portunities and made it a center for the manufacture of hubs,
staves and spokes for many years, until the supply of hard-
wood in the neighborhood had been greatly reduced. The
construction of the Cincinnati Northern railway some thirty
years later made it a shipping point of importance and guar-
anteed the future stability of the place. Besides several sub-
stantial mercantile establishments, Ansonia now has a town
hall, fire department, postoffice, two banks, hotel, public
school, three churches, a newspaper, Masonic, T. O. O. F. and
K. of P. lodges, two elevators, a tobacco warehouse, and a
union railway station.

The M. E. church in Ansonia is the outgrowth of services
held in the vicinity of the village in early days — probablv from
1845 to 1850. Later services were held in a school house a
short distance north of the village, and still later in the village
sschool house. Regular services were held after the organi-
zation of the Hillgrove circuit in 1863. Amons: those who


preached prior to the organization of the Ansonia church were
H. O. Sheldon, J. T. Bower, H. Boyers, M. Perkey, A. Arm-
strong, H. Burns. Some of the early pastors were Benj. L.
Rowand, D. G. Strong, Henrj' Burns, Jason and William
Young, Valentine Staley, James Jackson, P. M. Young, M. M.
Markwith, R. D. Oldfield, and E. D. Whitlock, under whose
pastorate a neat, brick church costing some $3,200 was erected
on the northwest corner of High and Cass streets and dedi-
cated in 1873. This structure served until 1902, when it was
remodeled and furnished at a cost of about $4,200, giving in-
creased and modern facilities for the Sunday school, and a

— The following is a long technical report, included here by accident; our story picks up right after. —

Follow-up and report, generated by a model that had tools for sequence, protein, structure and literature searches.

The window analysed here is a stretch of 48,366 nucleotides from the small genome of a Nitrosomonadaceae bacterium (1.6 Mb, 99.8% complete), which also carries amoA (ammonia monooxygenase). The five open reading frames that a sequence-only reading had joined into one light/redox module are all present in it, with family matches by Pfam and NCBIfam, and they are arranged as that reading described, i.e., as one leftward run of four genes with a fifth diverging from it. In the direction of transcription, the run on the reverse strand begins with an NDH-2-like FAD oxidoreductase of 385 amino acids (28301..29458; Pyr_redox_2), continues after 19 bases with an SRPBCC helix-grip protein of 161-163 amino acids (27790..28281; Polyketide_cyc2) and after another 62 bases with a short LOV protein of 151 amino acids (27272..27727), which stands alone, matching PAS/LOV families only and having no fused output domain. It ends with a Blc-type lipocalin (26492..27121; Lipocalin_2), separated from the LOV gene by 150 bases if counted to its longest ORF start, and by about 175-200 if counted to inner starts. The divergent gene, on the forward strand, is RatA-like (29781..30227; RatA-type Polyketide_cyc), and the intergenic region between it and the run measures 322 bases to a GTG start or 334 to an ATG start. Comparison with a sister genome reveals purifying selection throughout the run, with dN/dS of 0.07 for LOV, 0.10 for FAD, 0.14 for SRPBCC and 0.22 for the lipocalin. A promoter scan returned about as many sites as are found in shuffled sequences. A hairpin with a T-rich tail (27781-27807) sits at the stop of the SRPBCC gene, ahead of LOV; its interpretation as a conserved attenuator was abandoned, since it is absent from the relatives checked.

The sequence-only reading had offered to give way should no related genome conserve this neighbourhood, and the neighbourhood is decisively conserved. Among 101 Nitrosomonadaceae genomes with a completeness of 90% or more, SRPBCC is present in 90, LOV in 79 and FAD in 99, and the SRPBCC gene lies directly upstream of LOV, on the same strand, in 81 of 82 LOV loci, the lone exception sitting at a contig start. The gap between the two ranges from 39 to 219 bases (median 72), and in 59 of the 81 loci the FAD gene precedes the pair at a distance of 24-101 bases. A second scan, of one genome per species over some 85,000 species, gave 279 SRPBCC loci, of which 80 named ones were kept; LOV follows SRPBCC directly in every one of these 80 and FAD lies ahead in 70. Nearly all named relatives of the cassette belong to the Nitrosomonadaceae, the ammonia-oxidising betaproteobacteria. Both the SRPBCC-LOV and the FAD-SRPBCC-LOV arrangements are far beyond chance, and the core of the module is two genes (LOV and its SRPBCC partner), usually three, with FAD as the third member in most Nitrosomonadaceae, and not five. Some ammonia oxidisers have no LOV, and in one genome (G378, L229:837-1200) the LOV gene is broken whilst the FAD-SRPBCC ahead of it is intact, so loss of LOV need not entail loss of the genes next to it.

better auditorium. Great stress is placed on the work of the
Sunday school in which the enrollment is now about 100. The
enrollment in the church is about 136.

The Christian church was organized in early days and built
a place of worship on West Cross street. This denomination
prospered and in 1894-95 erected a beautiful, modern, brick
church on the southeast corner of Weller and Cass streets at
a cost of some $5,000. A good congregation and a prosper-
ous Sunday school assemble here from Sunday to Sunday.

There is also a substantial Lutheran church on South Main
street, which has been supported by the descendants of the
early German families for several years. The pastor of Grace
church, in Greenville usually serves this charge.

Ansonia has taken great pride in educational matters for
many years as shown by the fact that a commodious and
substantial three story brick school house was erected on a
two acre plat in Plulse's addition at a cost of some $10,000, as
early as 1873. Competent instructors and a strong board of
education have been important factors in maintaining a high
standard of education in the village, which has been fortunate
in securing services of such men as Professors J. H. Royer,
P. C. Zemer and the present efficient incumbent, G. H. Garri-
son, who has served as superintendent since 1904. The pres-
ent school building -was erected on the site of the above men-
tioned structure in 1903 at a total cost of some $23,000, includ-
ing the heating system. The building is of red pressed brick,
two stories in height and has eight rooms. The schools have
a well equipped library and a well furnished laboratory. Eight
teachers are employed. The high school was organized in
1873, and the first class was graduated in 1877. It was
raised to a first grade high school in 1907, at which time
Messrs. G. M. Marshall, C. J. Stephen, J. F. Howard, E. E.


Vance and James Fry were on the Ijoard. Tlie enrollment
for 1912 and 1913 was 135 in the grades and 102 in the high
school.. There were sixteen members in the class of 1913,
making a total alumni of 193 members. The superintendent-;
to date have been J. M. Syckes, John H. Royer, P. C. Zemer,
William Beachler, D. D. Bates and G. H. Garrison.

Ansonia has been the home of some of the best !;no\vn
physicians in the county, among whom were Drs. Knouf, W.
E. Hooven, L. C. Anderson and H. A. Snorf.

C. M. Anderson, one of the most brilliant attorneys Darke